Tachinid Flies

A white maggot emerges from a dead or dying caterpillar or chrysalis. The maggot moves to a dark corner or under whatever is around and changes into a small brown capsule shaped pupa. In a week or two, an adult fly emerges. Yes, that is a Tachinid fly!

Tachinid Fly adult - butterfly caterpillar parasitoid

Tachinid Fly adult – butterfly caterpillar parasitoid

Tachinid fly eggs  How many do you see?  There are two on this caterpillar.

Tachinid fly eggs
How many do you see?
There are two on this caterpillar.

Tachinid fly egg on a Tawny Emperor caterpillar

Tachinid fly egg on a
Tawny Emperor caterpillar

Tachinid fly maggot emerged from Tawny Emperor butterfly chrysalis

Tachinid fly maggot emerged from
Tawny Emperor butterfly chrysalis

One Tachinid fly egg The fly larva has begun its damage as evident by the darkening around the egg

One Tachinid fly egg
The fly larva has begun its
damage as evident by the
darkening around the eggshell

Tachinid fly larva and pupae

Tachinid fly
Larva and pupae

Mourning Cloak caterpillars died from tachinid fly larvae

Mourning Cloak caterpillars
died from tachinid fly larvae

Tachinid fly mucus strings from a J'ing Monarch caterpillar

Tachinid fly mucus strings
from a J’ing Monarch caterpillar

Tachinid fly mucus strings from a Monarch chrysalis

Tachinid fly mucus strings
from a Monarch chrysalis

Tachinid fly mucus strings from a J'ing Monarch caterpillar

Tachinid fly mucus strings
from a J’ing Monarch caterpillar

Tachinid fly larva dropping from its mucus string from a J'ing Monarch caterpillar

Tachinid fly larva dropping
from its mucus string from
a J’ing Monarch caterpillar

Tachinid fly larva dropping from its mucus string from a J'ing Monarch caterpillar

Tachinid fly larva dropping
from its mucus string from
a J’ing Monarch caterpillar

Tachinid Fly adult

Tachinid Fly adult

Empty moth cocoon with Tachinid fly pupae and dead adult Tachinid flies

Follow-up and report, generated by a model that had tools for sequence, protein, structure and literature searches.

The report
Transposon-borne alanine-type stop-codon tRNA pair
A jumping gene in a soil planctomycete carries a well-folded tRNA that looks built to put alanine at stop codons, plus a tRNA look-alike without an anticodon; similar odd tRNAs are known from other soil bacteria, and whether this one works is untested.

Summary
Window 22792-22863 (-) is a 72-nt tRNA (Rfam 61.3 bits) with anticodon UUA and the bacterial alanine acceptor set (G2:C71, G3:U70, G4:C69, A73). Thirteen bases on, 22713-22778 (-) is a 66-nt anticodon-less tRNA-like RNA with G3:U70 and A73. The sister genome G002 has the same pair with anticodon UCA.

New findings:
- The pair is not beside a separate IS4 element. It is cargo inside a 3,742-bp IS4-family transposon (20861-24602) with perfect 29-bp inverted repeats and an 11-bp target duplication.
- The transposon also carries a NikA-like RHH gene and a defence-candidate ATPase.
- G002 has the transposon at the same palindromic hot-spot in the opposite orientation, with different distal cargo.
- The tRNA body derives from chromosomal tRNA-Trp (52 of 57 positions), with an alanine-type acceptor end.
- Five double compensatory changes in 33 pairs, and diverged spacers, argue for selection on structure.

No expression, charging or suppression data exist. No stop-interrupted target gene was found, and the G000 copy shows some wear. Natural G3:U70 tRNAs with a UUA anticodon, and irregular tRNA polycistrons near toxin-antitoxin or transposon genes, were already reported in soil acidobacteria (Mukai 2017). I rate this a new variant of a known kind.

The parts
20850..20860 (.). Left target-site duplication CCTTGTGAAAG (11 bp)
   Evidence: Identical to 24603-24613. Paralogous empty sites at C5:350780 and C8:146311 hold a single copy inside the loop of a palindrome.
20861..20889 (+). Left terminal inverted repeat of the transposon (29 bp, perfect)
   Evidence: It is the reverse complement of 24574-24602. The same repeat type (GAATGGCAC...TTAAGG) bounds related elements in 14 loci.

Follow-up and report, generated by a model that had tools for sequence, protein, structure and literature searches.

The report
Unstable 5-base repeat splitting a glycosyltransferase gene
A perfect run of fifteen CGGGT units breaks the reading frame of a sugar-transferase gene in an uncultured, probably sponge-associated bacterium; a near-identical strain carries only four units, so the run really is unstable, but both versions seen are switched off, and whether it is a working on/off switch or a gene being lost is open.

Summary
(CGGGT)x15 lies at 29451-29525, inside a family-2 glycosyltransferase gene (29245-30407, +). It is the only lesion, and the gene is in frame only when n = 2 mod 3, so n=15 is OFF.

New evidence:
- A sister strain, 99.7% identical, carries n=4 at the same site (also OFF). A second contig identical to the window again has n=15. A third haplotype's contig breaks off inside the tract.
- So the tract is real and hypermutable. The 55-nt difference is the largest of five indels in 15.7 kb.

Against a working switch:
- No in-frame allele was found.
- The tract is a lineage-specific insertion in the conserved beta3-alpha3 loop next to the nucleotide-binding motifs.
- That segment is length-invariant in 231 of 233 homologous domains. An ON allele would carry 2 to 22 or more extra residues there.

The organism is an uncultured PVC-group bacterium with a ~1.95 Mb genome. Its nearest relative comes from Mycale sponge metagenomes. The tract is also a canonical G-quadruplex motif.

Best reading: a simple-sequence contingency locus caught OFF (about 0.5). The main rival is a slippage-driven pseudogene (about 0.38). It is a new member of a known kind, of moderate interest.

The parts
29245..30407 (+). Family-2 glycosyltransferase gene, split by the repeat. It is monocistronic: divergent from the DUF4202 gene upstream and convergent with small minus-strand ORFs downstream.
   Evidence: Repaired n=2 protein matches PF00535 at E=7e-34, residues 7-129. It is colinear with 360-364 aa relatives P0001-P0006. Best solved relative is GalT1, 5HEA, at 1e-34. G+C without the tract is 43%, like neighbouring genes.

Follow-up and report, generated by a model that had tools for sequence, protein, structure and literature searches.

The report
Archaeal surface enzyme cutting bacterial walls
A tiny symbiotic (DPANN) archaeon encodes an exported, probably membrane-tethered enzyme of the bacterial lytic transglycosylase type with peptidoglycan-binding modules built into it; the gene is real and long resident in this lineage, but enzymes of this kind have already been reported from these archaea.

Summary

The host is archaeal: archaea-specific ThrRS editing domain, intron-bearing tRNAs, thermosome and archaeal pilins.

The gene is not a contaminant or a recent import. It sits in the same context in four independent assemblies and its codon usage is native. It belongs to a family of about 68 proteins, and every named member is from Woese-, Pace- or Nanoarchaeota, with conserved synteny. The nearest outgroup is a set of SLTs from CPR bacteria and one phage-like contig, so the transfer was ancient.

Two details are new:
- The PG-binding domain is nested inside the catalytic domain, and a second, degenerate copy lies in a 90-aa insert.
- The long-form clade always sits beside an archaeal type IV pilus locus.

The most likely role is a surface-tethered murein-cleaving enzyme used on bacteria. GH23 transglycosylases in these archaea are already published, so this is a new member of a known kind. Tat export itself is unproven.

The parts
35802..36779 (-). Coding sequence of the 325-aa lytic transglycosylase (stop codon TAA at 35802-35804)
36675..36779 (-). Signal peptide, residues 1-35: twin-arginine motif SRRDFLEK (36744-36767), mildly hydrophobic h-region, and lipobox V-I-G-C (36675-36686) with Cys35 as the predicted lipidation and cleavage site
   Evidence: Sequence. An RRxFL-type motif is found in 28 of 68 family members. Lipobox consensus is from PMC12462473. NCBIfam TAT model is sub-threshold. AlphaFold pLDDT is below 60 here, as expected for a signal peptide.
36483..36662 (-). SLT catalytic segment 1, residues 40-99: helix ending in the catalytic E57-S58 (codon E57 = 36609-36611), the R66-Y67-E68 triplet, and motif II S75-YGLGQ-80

Empty moth cocoon
with Tachinid fly pupae
and dead adult Tachinid flies

Tachinid Fly maggot emerging from a Mourning Cloak chrysalis

Tachinid Fly maggot
emerging from a
Mourning Cloak chrysalis

A Tachinid fly sits near a Gulf Fritillary caterpillar

A Tachinid fly
sits near a
Gulf Fritillary caterpillar

An Oakworm Moth pupa A Tachinid fly empty pupa shell An adult Tachinid fly

An Oakworm Moth pupa
A Tachinid fly empty pupa shell
An adult Tachinid fly

Healthy Tawny Emperor chrysalis with wing color showing just before emerging

Healthy Tawny Emperor chrysalis
with wing color showing
just before emerging

Infected Tawny Emperor chrysalis Tachinid fly infected Brown/red death color showing just before emerging

Infected Tawny Emperor chrysalis
Tachinid fly infected
Brown/red death color
showing just before emerging

Tachinid fly larva Emerged from a Tawny Emperor butterfly chrysalis

Tachinid fly larva
Emerged from a
Tawny Emperor chrysalis

5 or 6 Tachinid fly larvae are seen inside this dead oak caterpillar

5 or 6 Tachinid fly larvae
are seen inside this
dead oak caterpillar

Yellow Shouldered Oak Slug Caterpillar with 3 fly eggs

Yellow Shouldered
Oak Slug Caterpillar
with 3 fly eggs

Tachinid Fly

Tachinid Fly

Flies around caterpillars can be deadly. Tachinid flies lay eggs on young caterpillars. The eggs hatch and the fly larvae (maggots) begin to drink the hemolymph (blood) of the caterpillar. Just before it pupates, the maggot eats it way out of the caterpillar or pupa. It finds leaf litter, and moves underneath the leaves and twigs. Hidden, it pupates into a small brown pupa.

There are different species of Tachinid flies. Some kill the caterpillars and they fall to the ground. When the butterfly or moth caterpillar is lying on the ground, the fly larvae emerge from the caterpillar and move away to become pupae.

Other species will leave the caterpillar while it is J’ing or after the caterpillar changes into a chrysalis. The fly larvae lower themselves about three or four inches on a mucus string before dropping to the ground.

A caterpillar may have one to six fly larvae growing inside it.

If you are raising caterpillars indoors, keep them safe from flies. It just may NOT be a housefly!

We wild collected butterfly and moth caterpillars to raise and photograph their life cycle. We collected some species to raise indoors and re-release outdoors. Every tachinid fly we have seen on our property has come from wild-collected caterpillars because our caterpillars are raised in a closed room in closed rearing containers. Flies cannot fit through the mesh into the rearing containers.

From the wild, we find about a 25 – 50 percent infection rate in some species.

When you find a caterpillar, you can’t always tell that it has a Tachinid fly larva inside its body. You can see eggs. When the fly larva hatches, it bends the shell of the egg outward, into the caterpillar.

In some cases, you can see that the caterpillar is infected with Tachinid fly larvae.

Butterfly chrysalises and moth pupae are discolored before the fly larva emerges. You can compare the Tawny Emperor butterfly chrysalis photos to the left and below. One is healthy with its wings showing through the chrysalis. The other is dark in the abdominal area. A Tachinid fly larva (at least one) is inside the chrysalis and will soon emerge.

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